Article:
Intimate partner violence made up 22 percent of the violent crimes against women and 5 percent of the violent crimes against men in 2010.1
In 2010, 407,700 women and 101,530 men were victimized by an intimate partner.2
In 2010, 37.5 percent of all female murder victims were killed by a current or former spouse or boyfriend.3
From 2001 to 2005, one-half of female intimate partner violence victims were physically injured and 18.5 percent were treated for their injury.4
Approximately one in three adolescent girls in the United States is a victim of physical, emotional, or verbal abuse from a dating partner.5
During 2008, the National Coalition of Anti-Violence Programs documented 3,419 cases of lesbian, gay, bisexual, and transgender domestic violence victimization, 9 of which resulted in murder.6
In 2008, 1 in 10 children under the age of 18 (9.8%) had witnessed one family member assault another; 1 in 5 (20.3%) reported witnessing a family assault sometime during their lifetime.7
Domestic violence is a term that covers many types of acts committed by a current or former intimate partner against another, or within a family. It can take the form of physical violence, sexual abuse, emotional or psychological abuse, financial abuse, or other controlling behavior. It can include threats, such as threatening to commit suicide or take the children away from the victim. Victims of domestic violence can be of any age, racial or cultural background, education level, financial level, religion, gender, or sexual orientation.
Domestic violence is usually not a single event and often becomes more severe and frequent over time. Many batterers are not violent in other relationships, such as at work or with friends. They routinely deny that the abuse occurred, minimize its severity, or blame the victim for the abuse.
Many factors contribute to domestic violence and abusive behavior—abusive family background, feelings of inadequacy, and stress. But ultimately it is driven by an abuser’s need for power and control. Being drunk or high may intensify existing violent behaviors, but alcohol or drug abuse does not cause domestic violence. Regardless of the underlying factors, the batterer is responsible for his or her actions—not the victim.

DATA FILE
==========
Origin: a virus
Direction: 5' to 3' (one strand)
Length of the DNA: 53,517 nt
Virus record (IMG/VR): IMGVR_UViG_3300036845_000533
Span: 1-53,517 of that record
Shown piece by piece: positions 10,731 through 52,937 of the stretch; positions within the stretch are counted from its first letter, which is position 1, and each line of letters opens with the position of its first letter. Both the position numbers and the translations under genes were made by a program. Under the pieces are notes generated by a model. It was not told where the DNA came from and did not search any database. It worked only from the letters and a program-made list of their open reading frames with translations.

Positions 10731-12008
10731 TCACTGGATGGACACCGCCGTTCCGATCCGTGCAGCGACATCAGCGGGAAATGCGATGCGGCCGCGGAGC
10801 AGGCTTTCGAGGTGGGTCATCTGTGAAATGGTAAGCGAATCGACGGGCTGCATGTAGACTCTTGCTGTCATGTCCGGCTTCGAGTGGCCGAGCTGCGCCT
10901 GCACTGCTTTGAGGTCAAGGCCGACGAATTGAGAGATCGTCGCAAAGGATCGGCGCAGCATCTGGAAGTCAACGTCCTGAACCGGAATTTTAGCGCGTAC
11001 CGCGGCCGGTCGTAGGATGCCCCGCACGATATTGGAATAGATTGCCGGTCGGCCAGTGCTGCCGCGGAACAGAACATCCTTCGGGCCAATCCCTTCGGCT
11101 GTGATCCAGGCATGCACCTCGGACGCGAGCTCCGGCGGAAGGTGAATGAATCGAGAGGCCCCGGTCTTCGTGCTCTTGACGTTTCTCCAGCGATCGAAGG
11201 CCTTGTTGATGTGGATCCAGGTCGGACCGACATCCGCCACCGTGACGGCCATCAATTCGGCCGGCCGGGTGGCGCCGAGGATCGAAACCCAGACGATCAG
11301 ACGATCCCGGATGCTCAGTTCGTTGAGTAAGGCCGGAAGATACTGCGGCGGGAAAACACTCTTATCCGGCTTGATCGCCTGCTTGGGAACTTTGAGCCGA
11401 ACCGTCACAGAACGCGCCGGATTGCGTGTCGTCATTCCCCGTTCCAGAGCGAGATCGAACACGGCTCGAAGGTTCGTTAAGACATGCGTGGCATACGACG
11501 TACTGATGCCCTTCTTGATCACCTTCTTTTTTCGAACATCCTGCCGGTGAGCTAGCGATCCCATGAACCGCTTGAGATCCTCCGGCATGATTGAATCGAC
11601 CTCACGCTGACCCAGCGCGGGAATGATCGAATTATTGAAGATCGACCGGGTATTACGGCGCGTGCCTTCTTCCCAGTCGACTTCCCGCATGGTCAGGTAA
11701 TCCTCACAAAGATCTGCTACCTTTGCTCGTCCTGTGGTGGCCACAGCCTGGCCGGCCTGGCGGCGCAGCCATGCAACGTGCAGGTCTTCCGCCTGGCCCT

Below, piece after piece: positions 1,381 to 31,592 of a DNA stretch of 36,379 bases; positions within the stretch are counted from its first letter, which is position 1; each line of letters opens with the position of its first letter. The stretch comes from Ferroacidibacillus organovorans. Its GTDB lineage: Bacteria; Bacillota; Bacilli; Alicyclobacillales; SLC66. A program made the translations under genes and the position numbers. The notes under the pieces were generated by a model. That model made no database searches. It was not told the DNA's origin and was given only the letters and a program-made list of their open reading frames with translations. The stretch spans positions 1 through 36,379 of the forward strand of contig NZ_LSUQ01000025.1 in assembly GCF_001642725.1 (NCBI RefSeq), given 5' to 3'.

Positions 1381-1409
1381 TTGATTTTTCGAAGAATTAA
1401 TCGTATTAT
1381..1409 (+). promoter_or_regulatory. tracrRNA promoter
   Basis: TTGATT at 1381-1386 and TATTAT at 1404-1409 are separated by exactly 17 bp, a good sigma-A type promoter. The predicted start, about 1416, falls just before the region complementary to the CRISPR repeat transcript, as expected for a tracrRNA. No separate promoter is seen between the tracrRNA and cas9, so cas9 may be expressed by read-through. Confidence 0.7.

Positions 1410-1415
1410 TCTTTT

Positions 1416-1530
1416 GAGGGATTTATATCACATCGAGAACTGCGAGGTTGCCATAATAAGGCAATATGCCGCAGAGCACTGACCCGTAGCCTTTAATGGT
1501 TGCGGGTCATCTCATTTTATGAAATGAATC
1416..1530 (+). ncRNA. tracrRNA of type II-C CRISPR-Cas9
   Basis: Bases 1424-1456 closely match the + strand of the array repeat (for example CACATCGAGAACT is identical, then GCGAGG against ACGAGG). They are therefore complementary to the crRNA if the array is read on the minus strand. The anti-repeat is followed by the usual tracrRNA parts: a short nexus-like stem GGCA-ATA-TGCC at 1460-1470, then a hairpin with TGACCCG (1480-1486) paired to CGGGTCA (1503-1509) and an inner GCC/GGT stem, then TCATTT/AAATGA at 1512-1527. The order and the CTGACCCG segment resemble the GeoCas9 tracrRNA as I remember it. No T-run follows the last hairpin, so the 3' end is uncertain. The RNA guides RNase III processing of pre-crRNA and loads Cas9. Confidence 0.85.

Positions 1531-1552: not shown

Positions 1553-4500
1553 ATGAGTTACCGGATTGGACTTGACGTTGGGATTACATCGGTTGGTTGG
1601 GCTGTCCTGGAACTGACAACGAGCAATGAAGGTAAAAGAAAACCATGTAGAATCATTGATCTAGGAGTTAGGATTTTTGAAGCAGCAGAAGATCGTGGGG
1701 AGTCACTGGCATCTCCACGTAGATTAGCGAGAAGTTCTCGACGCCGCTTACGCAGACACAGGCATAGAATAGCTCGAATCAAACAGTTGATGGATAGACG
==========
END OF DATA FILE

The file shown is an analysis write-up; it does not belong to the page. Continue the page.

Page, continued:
Domestic violence affects not only the direct victim, but also those who witness it. Children are particularly affected: those living with family violence are more likely to have problems with anxiety, self-esteem, depression, anger, and temperament.
The most difficult step for you to take is to admit that you are being or have been abused by your partner. Remember, your partner’s violence is the problem, not you. You do not provoke it. You do not deserve it.
The physical and emotional suffering you experience may have long- and short-term effects. The suffering may seem to use up all of your energy. You may feel trapped, alone, and that you have lost control of your life. You may question yourself and your reactions. Regardless of your reactions, it is important to remember that every victim is different, as is every response to domestic violence. The reactions you are having to your abuse are normal.
Your safety is the first priority. Every person in an abusive relationship should have a safety plan—concrete steps you can take to stay safe or to get to a safe place if you or your family is in danger. Domestic violence shelters and advocates in your community can help you develop a safety plan that is tailored for your individual situation. The people closest to you can be part of your safety plan. Let trusted friends and family members know about your situation, unless doing so will endanger you in any way. Know where to get help. Tell someone what is happening to you.
Remember, as a domestic violence victim, you are not alone. Do not lose hope.
A domestic violence advocate can help you learn about your rights as a victim of domestic violence and provide you with information about your legal options, such as reporting the crime to local law enforcement or obtaining a protective order. An advocate can also connect you with your local women’s center, shelter, or domestic violence program, which can be another important resource for emotional support, shelter, or financial assistance. Local police, hospitals, churches, family or conciliation courts, crisis intervention services, or departments of health and human services can also give you information about local resources.
All states have crime victim compensation programs that reimburse victims for certain out-of-pocket expenses, including medical expenses, lost wages, and other financial needs considered reasonable. To be eligible, you must report the crime to the police and cooperate with the criminal justice system. Victim assistance programs in your community can give you more information about applying.
It is important to remember that the abuser is the only one who can change his or her violent behavior. Many communities have batterers’ programs, which try to help abusers learn how to control or change their behavior. Participation in these programs is often a court-ordered condition when batterers are convicted of domestic violence charges.
Whatever type of domestic violence situation you are in, resources are available to you. You deserve help. You deserve support. You deserve to feel safe.
National Domestic Violence Hotline
1-800-799-SAFE or 1-800-799-7233
National Coalition Against Domestic Violence
National Center for Victims of Crime